Florida temporarily bans import of cattle at risk for avian influenza

by | Apr 12, 2024

Florida Agriculture Commissioner Wilton Simpson issued an emergency rule to ban the import of cattle exposed to or infected with Highly Pathogenic Avian Influenza.

Florida Commissioner of Agriculture Wilton Simpson issued an emergency rule on Friday to prevent the spread of Highly Pathogenic Avian Influenza (HPAI) into the state, following confirmed cases of the virus in livestock across eight other states.

The Emergency Rule specifically targets the importation of cattle, banning those exposed to or infected with HPAI, particularly Bovine Associated Influenza A Syndrome (H5N1). The measure also restricts the entry of lactating dairy cattle from states with suspected or confirmed cases of H5N1, while non-lactating dairy cattle must be accompanied by a valid Official Certificate of Veterinary Inspection issued no more than 10 days prior to importation.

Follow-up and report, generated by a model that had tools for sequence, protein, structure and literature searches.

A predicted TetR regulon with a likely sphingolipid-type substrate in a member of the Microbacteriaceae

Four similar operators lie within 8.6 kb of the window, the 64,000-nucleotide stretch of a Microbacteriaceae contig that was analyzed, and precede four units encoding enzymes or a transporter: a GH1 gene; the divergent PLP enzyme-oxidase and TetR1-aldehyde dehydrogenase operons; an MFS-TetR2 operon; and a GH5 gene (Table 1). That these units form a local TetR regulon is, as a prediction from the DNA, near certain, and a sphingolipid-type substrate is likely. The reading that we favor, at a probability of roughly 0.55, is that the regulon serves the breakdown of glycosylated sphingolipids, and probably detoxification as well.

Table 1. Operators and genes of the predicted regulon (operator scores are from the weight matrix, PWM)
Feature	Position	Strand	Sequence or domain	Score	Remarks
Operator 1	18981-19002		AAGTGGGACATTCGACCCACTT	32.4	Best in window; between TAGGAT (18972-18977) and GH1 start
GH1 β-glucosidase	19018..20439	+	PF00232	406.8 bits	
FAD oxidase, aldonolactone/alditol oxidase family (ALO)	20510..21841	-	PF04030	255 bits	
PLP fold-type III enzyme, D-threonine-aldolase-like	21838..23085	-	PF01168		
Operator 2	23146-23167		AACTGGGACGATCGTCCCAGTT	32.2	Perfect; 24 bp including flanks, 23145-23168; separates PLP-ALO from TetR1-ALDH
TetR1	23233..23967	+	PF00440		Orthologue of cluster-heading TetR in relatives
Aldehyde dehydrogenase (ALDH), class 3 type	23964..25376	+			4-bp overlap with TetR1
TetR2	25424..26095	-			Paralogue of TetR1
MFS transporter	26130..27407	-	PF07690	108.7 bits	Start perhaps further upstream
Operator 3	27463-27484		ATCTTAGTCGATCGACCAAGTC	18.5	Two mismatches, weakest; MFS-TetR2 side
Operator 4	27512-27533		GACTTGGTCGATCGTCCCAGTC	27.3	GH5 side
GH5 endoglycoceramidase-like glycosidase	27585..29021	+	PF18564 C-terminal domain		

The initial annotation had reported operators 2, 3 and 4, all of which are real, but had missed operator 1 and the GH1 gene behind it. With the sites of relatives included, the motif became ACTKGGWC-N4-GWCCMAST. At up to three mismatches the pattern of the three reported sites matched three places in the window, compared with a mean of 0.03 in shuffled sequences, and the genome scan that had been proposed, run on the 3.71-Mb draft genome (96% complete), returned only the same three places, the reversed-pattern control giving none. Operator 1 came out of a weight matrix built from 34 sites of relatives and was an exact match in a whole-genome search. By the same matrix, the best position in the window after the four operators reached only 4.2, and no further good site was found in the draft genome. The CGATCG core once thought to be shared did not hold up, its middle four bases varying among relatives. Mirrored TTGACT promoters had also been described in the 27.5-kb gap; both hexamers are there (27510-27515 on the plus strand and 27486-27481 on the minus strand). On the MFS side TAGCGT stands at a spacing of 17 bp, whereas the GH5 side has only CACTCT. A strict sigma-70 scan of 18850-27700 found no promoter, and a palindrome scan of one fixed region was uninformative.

The move comes as Florida remains free of any HPAI cases in livestock.

“This emergency rule is a critical step in protecting Florida’s livestock and the health of our citizens,” Simpson said. “We are committed to working collaboratively with federal, state, and industry partners to mitigate the risks posed by Bovine Associated Influenza A Syndrome and ensure the continued safety and integrity of Florida’s agriculture industry, which has a more than $180 billion annual impact and supports more than 2.5 million jobs.”

HPAI primarily affects birds, particularly poultry, causing severe disease and high mortality rates. Notable for its rapid transmission among birds via respiratory droplets and contaminated surfaces, HPAI occasionally infects mammals, including humans, often through direct contact with infected animals. Human infections are rare but can be severe and potentially fatal.

Outbreaks have substantial economic impacts on the poultry industry due to bird losses, containment costs, and trade restrictions, while also posing risks to biodiversity, especially among wild bird populations, though veterinarian experts assert that Florida remains at little risk.

“Florida is at lower risk for Highly Pathogenic Avian Influenza in domestic livestock as we are net exporters of cattle and import few lactating dairy cattle,” said Dr. Michael Short, State Veterinarian and Director of the Division of Animal Industry.


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